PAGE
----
With that in mind, we set about trying to establish a few goals for the next two years, and here is some of what we came up with. First, we want to see our church open and receptive to the Holy Spirit in the same way that the disciples at Ephesus were. I am not saying that we will all start speaking in tongues, but I do think that this will mean that we’ll become so filled and consumed by the gospel message that we won’t be able to keep it in any longer! We will proclaim it every chance we get, and more importantly, we will live it every day we wake up. These things, combined, will make it impossible for the people of Des Moines to ignore the power and grace of God. They will notice and want to share in it, just as the people of Ephesus did. They will notice and start to copy it, just as the people of Ephesus did. They will notice and respond with changed lives, just as the people of Ephesus did.

After this spiritual revival, we want to see a numerical gain in our services. This is not just warm bodies sitting in the pews, but changed lives in our community. More specifically, over the next two years, we want to see our church reach an average worship attendance of 60. That represents, essentially, a 50% increase over where we are right now. Amortized out, that is a growth of 22% per year. It sounds like a lot, but when you consider that we grew more than 11% YOY last year, and we’ve been posting similar numbers as recently as November, I really don’t think it’s a tremendous stretch. In practical terms, this will mean that we, as an entire congregation, must invite 8 people to church every week this year, and 12 people next year. That translates to 1 in 5 of us inviting someone every week. I think we can do that!

Obviously, such growth will necessitate a few other things around the church. For instance, we will need to start a real greeters program to welcome guests. We will need to make sure that our Sunday School and nursery are fully staffed. And we will need to start a ministry geared specifically toward young adults in the 18-35 age bracket. Of course, there are more things, and we’ll talk about them in greater detail later, but I want to encourage you to keep your eyes and ears open for all of these things in the coming weeks.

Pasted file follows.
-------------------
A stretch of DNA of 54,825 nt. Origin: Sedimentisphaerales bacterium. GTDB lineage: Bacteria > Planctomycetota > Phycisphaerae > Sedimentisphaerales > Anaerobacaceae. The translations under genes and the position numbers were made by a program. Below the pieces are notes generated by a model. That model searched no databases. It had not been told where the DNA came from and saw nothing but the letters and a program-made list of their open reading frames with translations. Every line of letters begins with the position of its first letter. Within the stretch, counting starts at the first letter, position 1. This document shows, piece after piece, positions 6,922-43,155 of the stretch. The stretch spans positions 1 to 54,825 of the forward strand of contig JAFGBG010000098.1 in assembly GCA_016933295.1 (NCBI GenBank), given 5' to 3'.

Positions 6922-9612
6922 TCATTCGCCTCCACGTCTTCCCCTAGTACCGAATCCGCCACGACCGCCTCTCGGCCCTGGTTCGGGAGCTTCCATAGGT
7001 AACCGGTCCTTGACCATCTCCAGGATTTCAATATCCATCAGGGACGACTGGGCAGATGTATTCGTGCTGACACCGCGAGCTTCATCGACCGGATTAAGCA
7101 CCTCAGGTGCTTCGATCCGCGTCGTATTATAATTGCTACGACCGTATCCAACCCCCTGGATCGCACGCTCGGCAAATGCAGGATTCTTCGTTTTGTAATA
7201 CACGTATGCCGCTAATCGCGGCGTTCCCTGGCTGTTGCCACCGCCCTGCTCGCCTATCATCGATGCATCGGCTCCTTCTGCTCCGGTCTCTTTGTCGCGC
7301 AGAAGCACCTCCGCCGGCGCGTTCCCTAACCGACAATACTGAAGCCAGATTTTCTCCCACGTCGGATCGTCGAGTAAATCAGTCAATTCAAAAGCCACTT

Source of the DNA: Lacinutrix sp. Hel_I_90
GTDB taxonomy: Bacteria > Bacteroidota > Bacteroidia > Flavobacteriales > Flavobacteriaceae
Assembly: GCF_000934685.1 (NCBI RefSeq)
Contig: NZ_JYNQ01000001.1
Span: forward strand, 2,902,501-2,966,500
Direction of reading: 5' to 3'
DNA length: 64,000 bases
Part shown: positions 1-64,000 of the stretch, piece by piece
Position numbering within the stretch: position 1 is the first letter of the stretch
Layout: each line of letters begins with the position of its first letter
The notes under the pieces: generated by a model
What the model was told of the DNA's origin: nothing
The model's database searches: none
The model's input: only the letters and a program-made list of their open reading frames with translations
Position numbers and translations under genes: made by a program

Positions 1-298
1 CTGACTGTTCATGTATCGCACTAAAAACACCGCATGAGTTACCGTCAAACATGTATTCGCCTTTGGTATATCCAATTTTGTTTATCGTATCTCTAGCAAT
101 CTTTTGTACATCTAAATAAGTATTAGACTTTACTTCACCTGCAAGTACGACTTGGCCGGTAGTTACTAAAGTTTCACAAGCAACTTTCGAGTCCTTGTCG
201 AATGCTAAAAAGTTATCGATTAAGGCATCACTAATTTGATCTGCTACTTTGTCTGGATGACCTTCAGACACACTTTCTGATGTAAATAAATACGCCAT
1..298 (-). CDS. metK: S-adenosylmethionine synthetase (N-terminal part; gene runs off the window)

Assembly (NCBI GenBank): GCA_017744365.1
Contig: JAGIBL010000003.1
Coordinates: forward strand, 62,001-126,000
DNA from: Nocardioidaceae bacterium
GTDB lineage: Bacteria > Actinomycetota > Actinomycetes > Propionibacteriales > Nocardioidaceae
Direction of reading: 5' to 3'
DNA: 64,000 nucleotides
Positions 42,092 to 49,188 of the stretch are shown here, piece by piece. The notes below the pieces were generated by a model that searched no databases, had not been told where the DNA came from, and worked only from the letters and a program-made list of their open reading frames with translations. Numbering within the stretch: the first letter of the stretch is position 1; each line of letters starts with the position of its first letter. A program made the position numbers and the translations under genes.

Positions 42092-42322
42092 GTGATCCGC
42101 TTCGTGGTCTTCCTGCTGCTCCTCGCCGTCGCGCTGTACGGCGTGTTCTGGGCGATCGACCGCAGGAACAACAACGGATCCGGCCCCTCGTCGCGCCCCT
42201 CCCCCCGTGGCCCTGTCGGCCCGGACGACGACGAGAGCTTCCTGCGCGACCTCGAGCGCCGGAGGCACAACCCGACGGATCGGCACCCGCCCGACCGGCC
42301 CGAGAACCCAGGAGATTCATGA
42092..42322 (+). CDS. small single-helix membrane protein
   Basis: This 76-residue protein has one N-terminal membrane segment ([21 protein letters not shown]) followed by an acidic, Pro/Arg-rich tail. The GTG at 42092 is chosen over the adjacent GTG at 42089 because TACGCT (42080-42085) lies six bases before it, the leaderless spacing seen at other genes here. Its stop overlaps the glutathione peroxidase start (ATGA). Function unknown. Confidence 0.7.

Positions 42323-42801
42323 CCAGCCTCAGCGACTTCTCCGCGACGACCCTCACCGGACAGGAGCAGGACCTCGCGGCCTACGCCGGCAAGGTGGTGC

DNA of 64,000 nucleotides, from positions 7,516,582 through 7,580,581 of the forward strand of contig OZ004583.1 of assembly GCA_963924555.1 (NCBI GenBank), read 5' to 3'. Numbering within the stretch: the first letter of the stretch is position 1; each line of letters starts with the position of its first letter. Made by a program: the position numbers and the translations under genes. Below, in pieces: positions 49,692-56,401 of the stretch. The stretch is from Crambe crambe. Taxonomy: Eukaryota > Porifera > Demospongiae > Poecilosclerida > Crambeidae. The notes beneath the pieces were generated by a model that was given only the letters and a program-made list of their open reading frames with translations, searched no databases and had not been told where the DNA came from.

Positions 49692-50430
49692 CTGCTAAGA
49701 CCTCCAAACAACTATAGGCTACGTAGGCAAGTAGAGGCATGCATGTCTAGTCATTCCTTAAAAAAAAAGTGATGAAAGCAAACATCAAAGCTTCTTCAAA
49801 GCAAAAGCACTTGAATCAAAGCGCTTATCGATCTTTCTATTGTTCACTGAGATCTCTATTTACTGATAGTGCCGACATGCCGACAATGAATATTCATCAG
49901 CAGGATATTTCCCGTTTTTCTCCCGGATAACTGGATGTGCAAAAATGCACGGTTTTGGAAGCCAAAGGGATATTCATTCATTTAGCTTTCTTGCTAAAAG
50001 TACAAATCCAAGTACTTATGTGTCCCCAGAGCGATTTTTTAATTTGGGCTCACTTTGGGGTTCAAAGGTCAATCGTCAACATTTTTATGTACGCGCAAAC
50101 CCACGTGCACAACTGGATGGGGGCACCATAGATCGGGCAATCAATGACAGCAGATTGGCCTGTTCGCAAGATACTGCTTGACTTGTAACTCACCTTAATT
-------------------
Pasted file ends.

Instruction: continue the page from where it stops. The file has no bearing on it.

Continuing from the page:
As I told the board on Saturday, Nicole and I have been at DHWC now for going on eight years. For the first several of those years, we very much needed to focus inwardly and get a few things rebuilt, sorted out, and generally taken care of before we could return to an outward-focused ministry. In the last year, I believe that we have reached that corner and started to make the turn. It is time for Debra Heights Wesleyan Church to engage and impact the community in a major way, and if we will only allow the Spirit to fill us with the power and presence of God, I wholly believe that we will!

My friends, I am so excited about what the next 24 months will bring. God is doing amazing things in and through our congregation. We’re not huge by any measure, but it only took 12 men to make a profound impact on the entire city of Ephesus, which was really about the size of the Des Moines metro area. Just think what God can and will do through us!